The likely passage of legislation that would make Michigan the most recent “right-to-work” state is a blow to the organized labor movement and will ultimately lead more states down the same path in an attempt to make their states more attractive to corporations in search of homes for new business ventures. Unionists turned out in force on the Capitol lawn to voice their unhappiness with what they believe is a politically motivated action designed only to deliver a body blow to unions.
Michigan Gov. Rick Snyder, a Republican, said during an appearance on Fox and Friends Tuesday morning that “The passage of this legislation means more jobs for Michigan,” and went on to say “ this will move Michigan forward, this is good legislation” during the discussion over the right-to-work (RTW) law. Snyder has come under intense pressure from organized labor and Democrats since it has become clear he supported RTW.
President Barack Obama came out strongly against RTW during an appearance in Michigan Monday, saying that “These so called right-to-work laws, they don’t have to do with economics; they have to do with politics,” Obama continued “What they’re really talking about is giving you the right to work for less money.”
During Snyder’s interview he accused Obama of misrepresenting the legislation during his speech in front of the unionized workforce of a Daimler Detroit Diesel plant in Redford Township, Michigan when he said “What we shouldn’t be doing is try to take away your rights to bargain for better wages.” Snyder pointed out that the legislation has no impact on collective bargaining rights, and went on to say that he supports the right of workers to make their own decisions, including whether or not they join a union. “Workers should be able to determine for themselves if they join a union, not be forced to.”
Thousands of union members occupied the Michigan State Capitol Building, chanting pro union slogans and arguing the move is a blatant effort to bust the unions.
“It’s really a slap in the face to organized labor,” said Bill Lichtenwald, president of Teamsters Local 20 in Toledo, Ohio who made the trip to Lansing to support the union. “It’s just an attempt to financially strap the local unions. They might be able to hurt our pocketbooks, but they’re not going to hurt our message, and that is justice in the workplace.”
Despite the attempt to stop the passage of the RTW law, there is no chance the bill will not become law. Republicans hold commanding majorities in both the State House and Senate and so, while union members display their rage clearly for all to witness, Snyder awaits the bill so he can sign it into law.
Those that support RTW point to the impact neighboring states, including most recently Indiana, that have passed RTW have had on Michigan’s job market, and argue that to compete with them for new businesses they need to pass this law.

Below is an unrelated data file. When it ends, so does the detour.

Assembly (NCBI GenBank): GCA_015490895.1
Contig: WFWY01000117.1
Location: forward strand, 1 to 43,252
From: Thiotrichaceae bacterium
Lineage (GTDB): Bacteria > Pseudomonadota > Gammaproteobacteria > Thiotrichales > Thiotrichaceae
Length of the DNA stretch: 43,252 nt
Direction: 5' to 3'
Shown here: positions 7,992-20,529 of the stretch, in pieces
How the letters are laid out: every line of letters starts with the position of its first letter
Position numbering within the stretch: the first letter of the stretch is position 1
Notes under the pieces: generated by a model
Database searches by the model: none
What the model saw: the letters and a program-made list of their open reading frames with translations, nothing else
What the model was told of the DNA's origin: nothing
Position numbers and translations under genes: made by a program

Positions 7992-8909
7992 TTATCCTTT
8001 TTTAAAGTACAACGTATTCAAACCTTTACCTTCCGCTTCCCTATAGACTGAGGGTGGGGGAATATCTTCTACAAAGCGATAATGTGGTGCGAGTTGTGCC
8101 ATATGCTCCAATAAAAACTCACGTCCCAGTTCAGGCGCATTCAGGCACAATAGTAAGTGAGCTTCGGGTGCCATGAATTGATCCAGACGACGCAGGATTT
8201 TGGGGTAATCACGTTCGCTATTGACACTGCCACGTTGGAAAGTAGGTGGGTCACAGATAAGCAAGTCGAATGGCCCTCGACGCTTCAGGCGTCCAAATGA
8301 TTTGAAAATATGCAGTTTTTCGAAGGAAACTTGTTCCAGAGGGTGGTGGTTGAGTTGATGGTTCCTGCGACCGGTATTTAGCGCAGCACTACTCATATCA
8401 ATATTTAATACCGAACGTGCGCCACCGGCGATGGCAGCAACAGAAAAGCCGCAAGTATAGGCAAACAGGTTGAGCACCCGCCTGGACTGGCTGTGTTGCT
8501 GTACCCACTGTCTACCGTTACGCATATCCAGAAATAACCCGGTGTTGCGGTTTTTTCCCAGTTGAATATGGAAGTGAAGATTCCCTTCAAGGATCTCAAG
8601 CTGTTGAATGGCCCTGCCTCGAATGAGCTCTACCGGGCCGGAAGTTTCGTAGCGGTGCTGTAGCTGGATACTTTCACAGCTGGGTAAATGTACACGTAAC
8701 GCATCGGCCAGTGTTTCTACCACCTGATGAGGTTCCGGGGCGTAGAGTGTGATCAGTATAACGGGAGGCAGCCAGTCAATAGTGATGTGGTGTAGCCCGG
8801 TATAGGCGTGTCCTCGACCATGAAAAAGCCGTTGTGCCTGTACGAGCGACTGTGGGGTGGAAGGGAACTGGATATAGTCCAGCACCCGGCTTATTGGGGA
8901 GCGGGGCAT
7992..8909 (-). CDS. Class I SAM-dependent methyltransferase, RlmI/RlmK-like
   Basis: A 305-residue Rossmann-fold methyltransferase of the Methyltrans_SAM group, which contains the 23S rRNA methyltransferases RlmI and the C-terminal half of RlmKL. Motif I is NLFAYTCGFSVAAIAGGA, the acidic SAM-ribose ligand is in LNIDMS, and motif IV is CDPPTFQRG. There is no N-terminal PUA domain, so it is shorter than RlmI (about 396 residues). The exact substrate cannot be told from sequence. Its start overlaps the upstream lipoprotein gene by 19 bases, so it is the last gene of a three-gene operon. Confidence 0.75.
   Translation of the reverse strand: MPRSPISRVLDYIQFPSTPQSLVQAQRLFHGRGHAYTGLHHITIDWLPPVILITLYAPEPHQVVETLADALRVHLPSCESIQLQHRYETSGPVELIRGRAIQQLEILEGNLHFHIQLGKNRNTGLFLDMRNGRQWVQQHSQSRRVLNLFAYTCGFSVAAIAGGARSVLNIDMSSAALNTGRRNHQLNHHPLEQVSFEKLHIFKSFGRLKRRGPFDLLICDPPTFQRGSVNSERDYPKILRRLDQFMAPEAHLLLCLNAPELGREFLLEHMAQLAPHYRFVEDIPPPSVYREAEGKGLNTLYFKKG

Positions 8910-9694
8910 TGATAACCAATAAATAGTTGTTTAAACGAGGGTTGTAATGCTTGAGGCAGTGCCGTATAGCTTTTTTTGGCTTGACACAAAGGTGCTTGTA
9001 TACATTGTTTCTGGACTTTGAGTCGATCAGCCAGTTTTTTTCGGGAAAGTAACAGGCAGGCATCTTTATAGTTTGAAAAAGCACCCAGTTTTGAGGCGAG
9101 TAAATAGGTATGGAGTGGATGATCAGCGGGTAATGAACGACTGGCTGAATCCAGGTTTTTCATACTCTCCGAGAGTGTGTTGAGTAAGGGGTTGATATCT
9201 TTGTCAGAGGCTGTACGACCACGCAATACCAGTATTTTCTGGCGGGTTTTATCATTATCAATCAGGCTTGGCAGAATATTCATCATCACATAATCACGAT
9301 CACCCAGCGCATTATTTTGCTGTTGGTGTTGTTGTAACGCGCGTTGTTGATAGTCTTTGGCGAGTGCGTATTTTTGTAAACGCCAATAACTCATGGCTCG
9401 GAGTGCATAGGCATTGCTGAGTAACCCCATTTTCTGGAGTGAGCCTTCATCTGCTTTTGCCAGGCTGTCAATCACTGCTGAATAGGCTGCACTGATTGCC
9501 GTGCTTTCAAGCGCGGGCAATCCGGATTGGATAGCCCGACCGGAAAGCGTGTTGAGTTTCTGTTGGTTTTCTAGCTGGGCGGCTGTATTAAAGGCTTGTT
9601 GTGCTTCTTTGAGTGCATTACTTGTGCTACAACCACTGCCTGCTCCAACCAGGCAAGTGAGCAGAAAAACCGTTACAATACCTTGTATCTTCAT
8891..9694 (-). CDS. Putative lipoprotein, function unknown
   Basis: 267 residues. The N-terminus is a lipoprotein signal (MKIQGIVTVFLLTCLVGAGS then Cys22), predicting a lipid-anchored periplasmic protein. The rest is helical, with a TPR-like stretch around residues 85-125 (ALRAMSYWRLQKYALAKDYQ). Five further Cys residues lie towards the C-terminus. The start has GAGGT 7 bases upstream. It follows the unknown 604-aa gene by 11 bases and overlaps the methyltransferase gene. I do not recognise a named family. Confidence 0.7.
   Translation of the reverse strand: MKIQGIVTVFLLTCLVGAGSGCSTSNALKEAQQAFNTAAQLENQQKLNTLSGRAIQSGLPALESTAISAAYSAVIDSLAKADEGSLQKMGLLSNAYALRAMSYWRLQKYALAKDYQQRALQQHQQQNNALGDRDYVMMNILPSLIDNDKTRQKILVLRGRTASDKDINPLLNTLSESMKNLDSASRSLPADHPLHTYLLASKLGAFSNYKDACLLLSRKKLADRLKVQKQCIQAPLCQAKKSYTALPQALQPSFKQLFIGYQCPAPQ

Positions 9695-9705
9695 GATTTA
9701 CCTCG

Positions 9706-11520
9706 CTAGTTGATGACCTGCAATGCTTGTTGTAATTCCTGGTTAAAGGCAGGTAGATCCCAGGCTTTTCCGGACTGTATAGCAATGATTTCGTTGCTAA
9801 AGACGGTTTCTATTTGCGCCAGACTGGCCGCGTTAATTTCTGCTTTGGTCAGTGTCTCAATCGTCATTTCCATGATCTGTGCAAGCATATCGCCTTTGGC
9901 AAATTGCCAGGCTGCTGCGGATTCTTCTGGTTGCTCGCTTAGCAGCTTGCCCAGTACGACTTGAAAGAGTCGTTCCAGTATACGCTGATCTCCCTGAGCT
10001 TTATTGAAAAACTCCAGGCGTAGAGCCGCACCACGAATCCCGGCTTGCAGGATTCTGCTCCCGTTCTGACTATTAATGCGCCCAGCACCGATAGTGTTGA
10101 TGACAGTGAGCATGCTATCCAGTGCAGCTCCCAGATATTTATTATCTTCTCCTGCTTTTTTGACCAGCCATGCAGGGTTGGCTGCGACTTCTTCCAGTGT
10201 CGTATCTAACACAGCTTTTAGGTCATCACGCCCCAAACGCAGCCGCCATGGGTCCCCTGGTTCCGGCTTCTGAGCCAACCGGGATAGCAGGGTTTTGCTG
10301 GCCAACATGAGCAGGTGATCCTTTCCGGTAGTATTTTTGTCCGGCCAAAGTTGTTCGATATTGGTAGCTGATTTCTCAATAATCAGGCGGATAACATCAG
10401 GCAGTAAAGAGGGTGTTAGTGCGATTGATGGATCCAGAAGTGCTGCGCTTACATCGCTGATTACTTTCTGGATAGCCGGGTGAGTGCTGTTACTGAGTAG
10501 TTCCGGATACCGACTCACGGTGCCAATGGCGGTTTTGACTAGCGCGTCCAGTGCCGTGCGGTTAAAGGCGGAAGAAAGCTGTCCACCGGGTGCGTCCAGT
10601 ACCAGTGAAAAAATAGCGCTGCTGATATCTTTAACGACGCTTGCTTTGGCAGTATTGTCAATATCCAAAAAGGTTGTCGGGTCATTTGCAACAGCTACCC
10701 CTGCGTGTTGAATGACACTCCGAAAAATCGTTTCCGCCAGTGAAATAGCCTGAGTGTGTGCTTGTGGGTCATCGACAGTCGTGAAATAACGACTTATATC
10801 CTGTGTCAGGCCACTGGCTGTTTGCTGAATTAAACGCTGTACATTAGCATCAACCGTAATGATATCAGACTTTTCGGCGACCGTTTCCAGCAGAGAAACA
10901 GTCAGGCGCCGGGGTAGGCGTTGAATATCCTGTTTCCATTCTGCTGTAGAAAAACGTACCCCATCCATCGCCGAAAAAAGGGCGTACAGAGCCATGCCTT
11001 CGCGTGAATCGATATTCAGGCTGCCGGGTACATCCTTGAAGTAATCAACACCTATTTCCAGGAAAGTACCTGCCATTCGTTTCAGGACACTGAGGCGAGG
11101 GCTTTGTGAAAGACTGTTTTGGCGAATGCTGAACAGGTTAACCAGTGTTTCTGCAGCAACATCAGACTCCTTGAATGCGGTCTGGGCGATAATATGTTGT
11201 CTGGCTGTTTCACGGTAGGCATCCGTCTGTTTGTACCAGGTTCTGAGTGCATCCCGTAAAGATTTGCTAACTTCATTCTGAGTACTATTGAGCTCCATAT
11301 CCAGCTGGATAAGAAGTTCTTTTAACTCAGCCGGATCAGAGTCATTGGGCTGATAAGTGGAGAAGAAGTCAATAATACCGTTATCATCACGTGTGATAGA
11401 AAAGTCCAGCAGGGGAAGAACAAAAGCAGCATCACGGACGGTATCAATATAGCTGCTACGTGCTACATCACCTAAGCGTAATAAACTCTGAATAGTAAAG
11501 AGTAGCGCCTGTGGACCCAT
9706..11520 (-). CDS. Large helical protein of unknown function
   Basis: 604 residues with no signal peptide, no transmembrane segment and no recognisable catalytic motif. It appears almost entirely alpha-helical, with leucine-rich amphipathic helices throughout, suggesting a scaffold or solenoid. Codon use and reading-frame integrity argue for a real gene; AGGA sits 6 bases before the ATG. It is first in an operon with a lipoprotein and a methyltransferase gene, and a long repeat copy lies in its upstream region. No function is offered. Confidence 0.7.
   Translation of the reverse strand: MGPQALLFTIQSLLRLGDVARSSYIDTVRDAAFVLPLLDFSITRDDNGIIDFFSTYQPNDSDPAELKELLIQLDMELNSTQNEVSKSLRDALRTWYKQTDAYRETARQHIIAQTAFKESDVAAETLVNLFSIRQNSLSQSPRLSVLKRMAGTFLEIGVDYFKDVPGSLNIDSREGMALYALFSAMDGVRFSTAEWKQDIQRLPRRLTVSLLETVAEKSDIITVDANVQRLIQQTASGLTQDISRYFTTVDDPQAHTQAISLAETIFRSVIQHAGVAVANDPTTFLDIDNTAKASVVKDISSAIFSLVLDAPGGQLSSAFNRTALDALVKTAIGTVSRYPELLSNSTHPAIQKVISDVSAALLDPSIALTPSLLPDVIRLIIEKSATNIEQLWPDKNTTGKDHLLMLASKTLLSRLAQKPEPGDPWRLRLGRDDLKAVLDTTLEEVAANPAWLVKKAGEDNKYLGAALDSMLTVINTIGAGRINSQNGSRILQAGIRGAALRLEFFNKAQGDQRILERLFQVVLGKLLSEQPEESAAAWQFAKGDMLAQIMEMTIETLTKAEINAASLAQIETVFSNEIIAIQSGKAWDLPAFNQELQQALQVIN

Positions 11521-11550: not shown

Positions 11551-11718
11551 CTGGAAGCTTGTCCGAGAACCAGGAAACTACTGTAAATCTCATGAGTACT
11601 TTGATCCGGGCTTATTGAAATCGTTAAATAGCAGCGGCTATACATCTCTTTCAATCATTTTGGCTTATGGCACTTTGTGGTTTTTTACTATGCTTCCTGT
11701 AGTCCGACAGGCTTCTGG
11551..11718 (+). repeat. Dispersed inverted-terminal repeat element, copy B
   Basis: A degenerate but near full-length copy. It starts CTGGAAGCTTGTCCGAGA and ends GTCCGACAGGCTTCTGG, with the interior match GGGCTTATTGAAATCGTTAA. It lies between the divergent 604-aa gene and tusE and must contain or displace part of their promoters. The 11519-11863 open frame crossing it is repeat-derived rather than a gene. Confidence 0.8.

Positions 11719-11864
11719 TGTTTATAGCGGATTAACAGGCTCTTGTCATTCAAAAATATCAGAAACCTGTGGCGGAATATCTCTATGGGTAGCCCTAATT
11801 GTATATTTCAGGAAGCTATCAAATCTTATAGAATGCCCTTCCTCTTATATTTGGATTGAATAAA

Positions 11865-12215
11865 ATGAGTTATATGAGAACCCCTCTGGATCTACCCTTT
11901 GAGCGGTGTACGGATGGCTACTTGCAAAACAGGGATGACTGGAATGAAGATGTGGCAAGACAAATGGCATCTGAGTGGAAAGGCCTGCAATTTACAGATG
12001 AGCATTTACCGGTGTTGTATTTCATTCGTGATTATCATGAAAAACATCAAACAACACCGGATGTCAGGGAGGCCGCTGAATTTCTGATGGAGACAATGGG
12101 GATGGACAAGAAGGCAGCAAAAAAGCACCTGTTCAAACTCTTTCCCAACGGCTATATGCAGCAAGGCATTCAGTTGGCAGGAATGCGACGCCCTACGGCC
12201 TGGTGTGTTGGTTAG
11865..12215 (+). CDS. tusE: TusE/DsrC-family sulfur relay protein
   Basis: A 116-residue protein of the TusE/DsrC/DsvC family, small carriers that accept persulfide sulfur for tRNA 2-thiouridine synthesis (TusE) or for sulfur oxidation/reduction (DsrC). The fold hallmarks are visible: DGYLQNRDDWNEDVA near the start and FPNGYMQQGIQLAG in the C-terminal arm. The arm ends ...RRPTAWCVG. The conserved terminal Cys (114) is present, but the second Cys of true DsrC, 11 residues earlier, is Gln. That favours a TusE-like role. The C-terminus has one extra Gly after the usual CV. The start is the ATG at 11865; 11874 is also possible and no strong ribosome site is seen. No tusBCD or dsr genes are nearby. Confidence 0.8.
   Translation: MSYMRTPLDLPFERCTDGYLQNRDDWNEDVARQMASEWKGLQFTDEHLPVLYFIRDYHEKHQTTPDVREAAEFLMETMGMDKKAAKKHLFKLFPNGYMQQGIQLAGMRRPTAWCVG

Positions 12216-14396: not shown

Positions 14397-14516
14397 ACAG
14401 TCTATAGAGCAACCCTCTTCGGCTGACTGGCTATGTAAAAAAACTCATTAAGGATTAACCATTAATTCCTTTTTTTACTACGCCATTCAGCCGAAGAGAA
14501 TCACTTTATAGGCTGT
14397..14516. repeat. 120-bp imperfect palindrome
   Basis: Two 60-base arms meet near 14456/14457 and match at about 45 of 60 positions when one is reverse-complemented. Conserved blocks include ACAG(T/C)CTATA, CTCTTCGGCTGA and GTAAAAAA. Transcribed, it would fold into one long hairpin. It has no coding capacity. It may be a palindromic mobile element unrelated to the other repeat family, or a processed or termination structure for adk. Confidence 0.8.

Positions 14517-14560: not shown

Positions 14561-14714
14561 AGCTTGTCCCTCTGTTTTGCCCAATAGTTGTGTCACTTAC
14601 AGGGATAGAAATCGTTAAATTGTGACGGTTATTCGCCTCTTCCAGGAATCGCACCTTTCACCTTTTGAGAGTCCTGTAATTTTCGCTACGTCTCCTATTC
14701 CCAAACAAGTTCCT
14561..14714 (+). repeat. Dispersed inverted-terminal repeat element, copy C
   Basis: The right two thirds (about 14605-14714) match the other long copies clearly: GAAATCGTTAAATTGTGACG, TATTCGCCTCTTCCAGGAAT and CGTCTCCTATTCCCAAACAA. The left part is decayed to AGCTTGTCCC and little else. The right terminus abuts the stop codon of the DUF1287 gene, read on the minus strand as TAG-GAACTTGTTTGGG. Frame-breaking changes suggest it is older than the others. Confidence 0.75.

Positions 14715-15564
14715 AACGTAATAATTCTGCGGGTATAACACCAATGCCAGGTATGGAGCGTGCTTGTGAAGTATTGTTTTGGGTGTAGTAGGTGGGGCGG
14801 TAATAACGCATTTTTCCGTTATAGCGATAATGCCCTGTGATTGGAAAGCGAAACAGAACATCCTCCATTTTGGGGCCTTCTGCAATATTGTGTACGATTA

They point to Android, a Michigan based company that decided to turn to Indiana for expansion, as an example. One of the deciding factors was that Indiana is now a RTW state. “Indiana became a right-to-work state and (it) offers us a competitive location,” Android Vice President of Human Resources David Donnay told the Indiana Economic Development Corp. Android invested $7.3 million and is planning to hire 70 employees.
Those opposed to the passage of RTW point to studies, including one from the University of Michigan, on the impact on incomes of workers when nonunionized. The progressive outcry has been loud and fast, and they have vowed revenge in the next election cycle.
The reality is that both sides are correct in their position- average wages are lower and fewer people receive employer provided insurance benefits in RTW states; however it is also true that job creation is stronger and average unemployment is lower in RTW states. With both positions being accurate, the question becomes which is the priority (higher wages for fewer workers or more workers at a lower average wage), and that will be different for each individual.
Right-to-work states will likely continue to add jobs at a more rapid rate than non-RTW states for the very reasons that pro-union voices argue are their reasons for opposition. It is because of the lower wages and healthcare costs that companies choose to locate in states with right-to-work laws. To compete for those jobs states must be on the same footing when pitching their state as a place for a company to locate.
It is clear that to create permanent jobs states must move go the RTW path-unless they prefer to have fewer jobs with a higher average wage for those working. The reality is that more people working, even at a lower average wage, creates a larger tax base which then leads to increased revenue for the city, county and state where the now working individual resides.
The anger and emotion among those opposed increases as the voting continues that will result in Michigan becoming the 24th right-to-work state. As the emotion reaches a crescendo, so does the risk of a more confrontational end to this day.
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